A friend of mine lost her baby at almost full term, months before her brother’s wedding. At the altar area, they had a small pedestal with a blue carnation on it and had like a program for times (ceremony, reception, etc.) and they included in there that it was in memory of the baby. It was very sweet, didn’t explain circumstances (just said “a blue carnation in memory of ‘baby’s name’”) it was a nice acknowledgment without calling on my friend or explain what happened. Pictures would have been too much…. And 30 year old pictures … ugh – the MIL needs to be reminded that this is about OP and her son, not their extended family’s trauma. (Atypical Mom)

Maybe a chair with flowers and a place card for Those not with us ? Then it can just be, you know. Whoever is missing. Whether it be because they couldn’t make it, not enough space in the venue or tragedy. (Apricot_Bumblebee)

This seems sweet and more appropriate. OP could include some flowers and 3 little teddy bears. I think just sitting down with MIL and explaining that they can be included without the actual photos. I don’t think that MIL was trying to upset anyone. (Pixiesunbelle)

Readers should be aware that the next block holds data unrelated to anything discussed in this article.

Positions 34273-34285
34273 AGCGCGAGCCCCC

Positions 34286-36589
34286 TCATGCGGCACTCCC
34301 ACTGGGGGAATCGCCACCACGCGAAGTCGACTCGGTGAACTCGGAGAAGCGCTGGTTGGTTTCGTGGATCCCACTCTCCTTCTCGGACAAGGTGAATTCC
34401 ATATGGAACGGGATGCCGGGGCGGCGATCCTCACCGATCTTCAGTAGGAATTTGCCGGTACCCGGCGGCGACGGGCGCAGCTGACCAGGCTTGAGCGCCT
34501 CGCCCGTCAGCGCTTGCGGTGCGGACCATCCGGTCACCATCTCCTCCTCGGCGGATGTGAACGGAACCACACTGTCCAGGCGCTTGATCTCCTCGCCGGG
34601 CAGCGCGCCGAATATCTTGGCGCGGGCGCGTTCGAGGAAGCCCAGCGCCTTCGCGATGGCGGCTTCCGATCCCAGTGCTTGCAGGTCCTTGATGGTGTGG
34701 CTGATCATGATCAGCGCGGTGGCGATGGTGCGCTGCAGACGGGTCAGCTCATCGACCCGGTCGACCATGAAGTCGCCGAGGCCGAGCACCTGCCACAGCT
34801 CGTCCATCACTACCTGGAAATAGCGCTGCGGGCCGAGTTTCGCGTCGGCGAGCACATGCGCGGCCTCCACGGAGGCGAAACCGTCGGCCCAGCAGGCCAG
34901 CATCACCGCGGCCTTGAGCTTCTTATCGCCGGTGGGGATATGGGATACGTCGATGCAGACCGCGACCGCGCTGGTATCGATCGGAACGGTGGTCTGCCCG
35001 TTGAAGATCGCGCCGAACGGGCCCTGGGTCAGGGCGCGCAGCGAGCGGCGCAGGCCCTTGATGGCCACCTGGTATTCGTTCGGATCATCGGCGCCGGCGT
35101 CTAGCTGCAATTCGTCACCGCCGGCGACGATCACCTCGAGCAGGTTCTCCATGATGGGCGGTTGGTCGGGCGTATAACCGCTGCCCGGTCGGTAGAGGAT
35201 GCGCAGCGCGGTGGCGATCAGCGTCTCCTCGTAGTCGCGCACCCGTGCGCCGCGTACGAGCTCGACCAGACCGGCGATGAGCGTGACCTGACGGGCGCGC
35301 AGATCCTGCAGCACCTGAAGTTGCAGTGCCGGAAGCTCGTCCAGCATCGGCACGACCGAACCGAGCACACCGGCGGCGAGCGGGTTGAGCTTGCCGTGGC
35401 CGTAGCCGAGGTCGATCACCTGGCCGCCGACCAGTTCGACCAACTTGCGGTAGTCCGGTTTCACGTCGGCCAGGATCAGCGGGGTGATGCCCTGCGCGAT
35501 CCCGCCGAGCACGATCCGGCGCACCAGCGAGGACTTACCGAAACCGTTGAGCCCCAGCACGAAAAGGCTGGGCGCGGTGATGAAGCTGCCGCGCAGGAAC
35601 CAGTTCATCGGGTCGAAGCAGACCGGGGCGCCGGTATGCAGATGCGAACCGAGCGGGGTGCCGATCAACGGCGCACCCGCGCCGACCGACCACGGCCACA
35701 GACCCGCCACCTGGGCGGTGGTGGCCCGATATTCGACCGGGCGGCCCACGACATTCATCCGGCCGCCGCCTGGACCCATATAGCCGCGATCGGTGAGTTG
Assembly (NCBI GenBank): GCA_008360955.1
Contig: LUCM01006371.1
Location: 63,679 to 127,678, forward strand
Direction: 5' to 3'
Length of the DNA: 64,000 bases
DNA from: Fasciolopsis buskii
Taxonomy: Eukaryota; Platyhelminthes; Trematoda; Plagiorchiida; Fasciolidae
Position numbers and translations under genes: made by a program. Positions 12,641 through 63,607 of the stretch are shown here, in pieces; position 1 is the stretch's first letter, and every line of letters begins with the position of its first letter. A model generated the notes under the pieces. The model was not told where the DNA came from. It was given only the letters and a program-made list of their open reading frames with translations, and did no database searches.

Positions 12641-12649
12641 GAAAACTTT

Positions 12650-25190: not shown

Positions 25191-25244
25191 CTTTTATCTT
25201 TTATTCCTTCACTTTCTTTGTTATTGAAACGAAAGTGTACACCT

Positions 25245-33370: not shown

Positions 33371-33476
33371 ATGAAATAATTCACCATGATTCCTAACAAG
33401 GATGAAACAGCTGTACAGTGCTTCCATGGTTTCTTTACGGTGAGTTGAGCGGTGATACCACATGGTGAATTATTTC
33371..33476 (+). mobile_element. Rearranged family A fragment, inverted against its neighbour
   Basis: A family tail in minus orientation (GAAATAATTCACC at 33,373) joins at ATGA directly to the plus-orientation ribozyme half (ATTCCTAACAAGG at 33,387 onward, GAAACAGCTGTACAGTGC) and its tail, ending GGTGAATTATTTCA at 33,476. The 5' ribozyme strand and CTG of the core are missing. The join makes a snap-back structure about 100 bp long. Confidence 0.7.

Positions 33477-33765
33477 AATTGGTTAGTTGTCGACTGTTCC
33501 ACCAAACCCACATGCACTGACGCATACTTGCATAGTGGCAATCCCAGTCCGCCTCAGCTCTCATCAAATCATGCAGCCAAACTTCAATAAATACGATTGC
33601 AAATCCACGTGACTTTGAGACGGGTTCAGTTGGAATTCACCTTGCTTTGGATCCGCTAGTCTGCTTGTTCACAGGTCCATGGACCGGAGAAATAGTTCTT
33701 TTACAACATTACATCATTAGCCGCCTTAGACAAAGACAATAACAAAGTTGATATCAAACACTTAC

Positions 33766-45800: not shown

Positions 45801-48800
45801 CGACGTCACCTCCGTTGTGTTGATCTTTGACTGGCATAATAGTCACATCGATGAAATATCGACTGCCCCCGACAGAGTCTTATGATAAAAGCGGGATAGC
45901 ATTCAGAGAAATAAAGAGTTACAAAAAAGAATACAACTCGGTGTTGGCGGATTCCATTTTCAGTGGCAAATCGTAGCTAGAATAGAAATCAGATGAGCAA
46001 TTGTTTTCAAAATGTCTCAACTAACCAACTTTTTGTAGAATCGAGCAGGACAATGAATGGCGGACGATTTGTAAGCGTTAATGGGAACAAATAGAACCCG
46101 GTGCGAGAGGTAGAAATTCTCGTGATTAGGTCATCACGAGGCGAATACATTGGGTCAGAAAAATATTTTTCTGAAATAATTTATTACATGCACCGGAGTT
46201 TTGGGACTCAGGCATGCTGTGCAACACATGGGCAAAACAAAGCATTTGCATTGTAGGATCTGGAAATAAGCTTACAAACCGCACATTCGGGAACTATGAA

In normal circumstances we think we should be breaking the stigma around miscarriage and stillbirth by talking about it more openly and sharing our stories. However, there is also a time and a place for these discussions. While we understand MIL’s need to acknowledge the babies she lost to miscarriage or stillbirth as part of the family, there are many ways that they can be subtly included in the day without stealing the focus from the bride and groom, or creating unnecessary discomfort for guests.

How would you deal with this predicament? What do you think a suitable compromise would be?

The Red Nose Grief and Loss Support Line is available 24/7 for anyone affected by miscarriage, stillbirth, baby or child death on 1300 308 307

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Jolene enjoys writing, sharing and connecting with other like-minded women online – it also gives her the perfect excuse to ignore Mount-Washmore until it threatens to bury her family in an avalanche of Skylander T-shirts and Frozen Pyjama pants. (No one ever knows where the matching top is!) Likes: Reading, cooking, sketching, dancing (preferably with a Sav Blanc in one hand), social media, and sitting down on a toilet seat that one of her children hasn’t dripped, splashed or sprayed on. Dislikes: Writing pretentious crap about herself in online bio’s and refereeing arguments amongst her offspring.